4. Hermann DM, Mullington J, Korth C, Pollmächer T. Morning endotoxin leads to foothill before suppression of NREM sleep Direction in G-CSF-pretreated subjects Sleep Research. Mnchener medical publishing MMW. 1994; 129-131.
5. Hermann DM. Afferente und efferente Raphe magnus and projections of the nuclei under pallidus Bercksichtigung thermal adaptation. Inaugural dissertation leading to a doctoral degree in medicine, Faculty of Medicine, University of Giessen. 1995.
6. Hermann DM, Mies G, Hossmann KA. Metabolic disturbances and gene responses following cortical injury in rats: Relationship to spreading depression. Maturation Phenomenon in Cerebral Ischemia: Defensive Mechanisms versus Apoptosis. In: Fieschi C, Ito U, Orzi F, Kuroiwa T, Klatzo I. 1999; 183-192.
7. Hossmann KA, Hermann DM. Health aspects of mobile communication: Risks to the central nervous system. Electricity and Magnetism in Biology and Medicine. In: Bersani F, Kluwer Academic / Plenum Publishers. 1999; 37-41.
8. Mies G, Trapp T, Kilic E, Oláh L, et al. Relationship between DNA fragmentation, energy state, and protein synthesis after transient focal cerebral ischemia in mice. Maturation Phenomenon in Cerebral Ischemia IV, Defensive mechanisms versus apoptosis, recovery, and protection in cerebral ischemia. Bazan N, Ito U, Kuroiwa T. Springer-Verlag, Berlin, Heidelberg. 2001; 85-92.
9. Hermann DM. Secondary damage development and neuroprotective therapy in focal ischemia and traumatic Kortexläsion. Habilitation Thesis Faculty of Medicine, Eberhard-Karls-University Tbingen. 2002.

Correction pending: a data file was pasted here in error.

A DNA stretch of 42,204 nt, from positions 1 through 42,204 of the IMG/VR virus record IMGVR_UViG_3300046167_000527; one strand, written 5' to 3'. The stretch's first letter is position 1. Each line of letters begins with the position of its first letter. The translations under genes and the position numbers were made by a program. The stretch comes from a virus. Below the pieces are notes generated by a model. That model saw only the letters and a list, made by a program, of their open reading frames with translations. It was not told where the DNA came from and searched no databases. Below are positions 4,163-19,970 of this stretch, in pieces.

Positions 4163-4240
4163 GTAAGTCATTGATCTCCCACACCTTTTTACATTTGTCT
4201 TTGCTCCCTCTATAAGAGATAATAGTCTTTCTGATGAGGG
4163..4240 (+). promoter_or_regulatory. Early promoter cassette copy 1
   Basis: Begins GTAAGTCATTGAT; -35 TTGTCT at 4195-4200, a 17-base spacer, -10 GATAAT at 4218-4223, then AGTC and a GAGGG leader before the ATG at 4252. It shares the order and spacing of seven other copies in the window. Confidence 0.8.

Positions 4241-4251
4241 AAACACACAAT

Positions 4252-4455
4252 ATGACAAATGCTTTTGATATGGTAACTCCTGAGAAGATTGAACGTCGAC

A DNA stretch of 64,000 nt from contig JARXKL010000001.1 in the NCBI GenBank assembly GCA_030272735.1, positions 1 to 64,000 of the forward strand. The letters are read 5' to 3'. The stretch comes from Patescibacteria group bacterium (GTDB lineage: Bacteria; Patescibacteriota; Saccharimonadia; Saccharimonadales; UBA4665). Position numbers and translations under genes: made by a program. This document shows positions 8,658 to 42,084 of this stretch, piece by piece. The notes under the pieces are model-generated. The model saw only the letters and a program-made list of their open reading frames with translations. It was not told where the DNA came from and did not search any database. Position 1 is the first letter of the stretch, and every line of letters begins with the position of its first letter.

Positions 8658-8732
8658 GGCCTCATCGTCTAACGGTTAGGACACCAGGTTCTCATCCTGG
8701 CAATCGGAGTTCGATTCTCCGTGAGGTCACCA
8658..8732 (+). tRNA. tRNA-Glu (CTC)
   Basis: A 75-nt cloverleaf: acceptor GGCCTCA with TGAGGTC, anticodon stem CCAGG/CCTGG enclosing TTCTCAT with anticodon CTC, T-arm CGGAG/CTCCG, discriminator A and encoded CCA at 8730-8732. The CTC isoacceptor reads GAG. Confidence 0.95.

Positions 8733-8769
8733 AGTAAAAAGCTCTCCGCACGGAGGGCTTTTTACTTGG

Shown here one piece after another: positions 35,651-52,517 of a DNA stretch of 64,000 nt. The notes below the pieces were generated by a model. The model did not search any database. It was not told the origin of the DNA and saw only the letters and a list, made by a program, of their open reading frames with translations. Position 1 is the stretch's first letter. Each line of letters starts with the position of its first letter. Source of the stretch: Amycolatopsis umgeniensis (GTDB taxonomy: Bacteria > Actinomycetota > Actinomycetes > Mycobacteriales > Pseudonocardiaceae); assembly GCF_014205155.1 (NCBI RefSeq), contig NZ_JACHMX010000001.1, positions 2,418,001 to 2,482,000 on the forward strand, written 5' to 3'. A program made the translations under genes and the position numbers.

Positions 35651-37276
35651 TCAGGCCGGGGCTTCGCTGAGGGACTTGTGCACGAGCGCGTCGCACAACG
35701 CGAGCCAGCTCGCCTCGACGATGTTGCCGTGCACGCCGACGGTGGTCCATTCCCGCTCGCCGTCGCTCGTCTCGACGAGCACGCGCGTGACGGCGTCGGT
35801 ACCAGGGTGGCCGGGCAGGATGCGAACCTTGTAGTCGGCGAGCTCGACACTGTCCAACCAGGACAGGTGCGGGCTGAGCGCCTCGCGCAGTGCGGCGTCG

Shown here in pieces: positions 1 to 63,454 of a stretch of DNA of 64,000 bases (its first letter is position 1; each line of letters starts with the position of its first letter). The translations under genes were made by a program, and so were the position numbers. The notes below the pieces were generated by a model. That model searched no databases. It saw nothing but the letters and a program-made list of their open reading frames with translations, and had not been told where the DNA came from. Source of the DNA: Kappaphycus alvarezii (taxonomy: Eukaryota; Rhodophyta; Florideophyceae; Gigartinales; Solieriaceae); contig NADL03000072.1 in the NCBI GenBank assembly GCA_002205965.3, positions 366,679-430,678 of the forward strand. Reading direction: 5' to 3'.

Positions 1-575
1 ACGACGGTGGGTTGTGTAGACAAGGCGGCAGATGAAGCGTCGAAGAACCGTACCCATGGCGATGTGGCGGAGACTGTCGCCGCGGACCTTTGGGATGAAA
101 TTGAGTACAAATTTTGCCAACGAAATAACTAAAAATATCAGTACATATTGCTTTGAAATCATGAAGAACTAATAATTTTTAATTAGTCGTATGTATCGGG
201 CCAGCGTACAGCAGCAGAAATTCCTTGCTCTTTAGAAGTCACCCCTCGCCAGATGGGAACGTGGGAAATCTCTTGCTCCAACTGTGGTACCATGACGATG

10. Hermann DM, Bassetti C. Transient ischemic attack and ischemic stroke Cardix 2005. In: Lscher TF, Schwegler PR. Zrich AG. 2005; 71-77.
11. Hermann DM, Bassetti C. Sleep disorders after stroke In: Recovery after stroke. Bogousslavsky J, Dobkin B, Barnes M. Cambridge University Press, Cambridge. 2005; 580-603.
12. Hermann DM, Bassetti C. Transient ischemic attack and ischemic stroke Cardix of 2007. In: Lscher TF, Schwegler PR, Zrich AG, eds. 2007; 83-89.
13. Hermann DM. Biodistribution processes: Underestimated confounders in neuroprotective drug development. Brain Hypoxia Ischemia Research Progress. In: Columbus F, Novapublishers, New York. 2008.
14. Hermann DM, Bassetti C. Transient ischemic attack and ischemic stroke Cardix of 2009. In: Lscher TF, Schwegler PR, Zrich AG, eds. 2009.
15. Hermann DM, Bassetti C. Transient ischemic attack and ischemic stroke. Cardix 2009 engl. In: Lscher TF, Schwegler PR, Zrich AG, eds. 2009.
16. Hermann DM, Bassetti C. Sleep disorders and stroke: Causes and consequences In: Sleep Disorders in Neurological Disease: a Practical Approach. . Overeem S,Reading P, eds. Wiley-Blackwell, New York. 2010.
17. Patak P, Hermann DM. From bedside to bench: How the clinical reality should instruct the modeling of stroke. Rodent Models of Stroke. In: Dirnagl U. Humana Press, Springer Verlag, New York. 2010.
18. Hermann DM. Anatomy and physiology of the cerebral vascular system. Vascular Neurology. In: Hermann DM, Steiner T, Diener HC, eds. Thieme-Verlag, Stuttgart, 2010, 1 :3-7.
19. Reitmeir R, Hermann DM. Pathophysiology of vascular-neurological diseases In: Vascular Neurology. In: Hermann DM, Steiner T, Diener HC, eds. Thieme-Verlag, Stuttgart, 2010; 8-13.
20. Bassetti CL, Hermann DM. Clinical syndromes in vascular neurology. Vascular Neurology. In: Hermann DM, Steiner T, Diener HC, eds. Thieme-Verlag, Stuttgart. 1: 2010; 14-25.
21. Bacigaluppi M, Hermann DM. Hypercholesterolemia, hyperhomocysteinemia and atherosclerosis. Vascular Neurology. In: Hermann DM, Steiner T, Diener HC, eds. Thieme-Verlag, Stuttgart. 2010; 1: 36-44.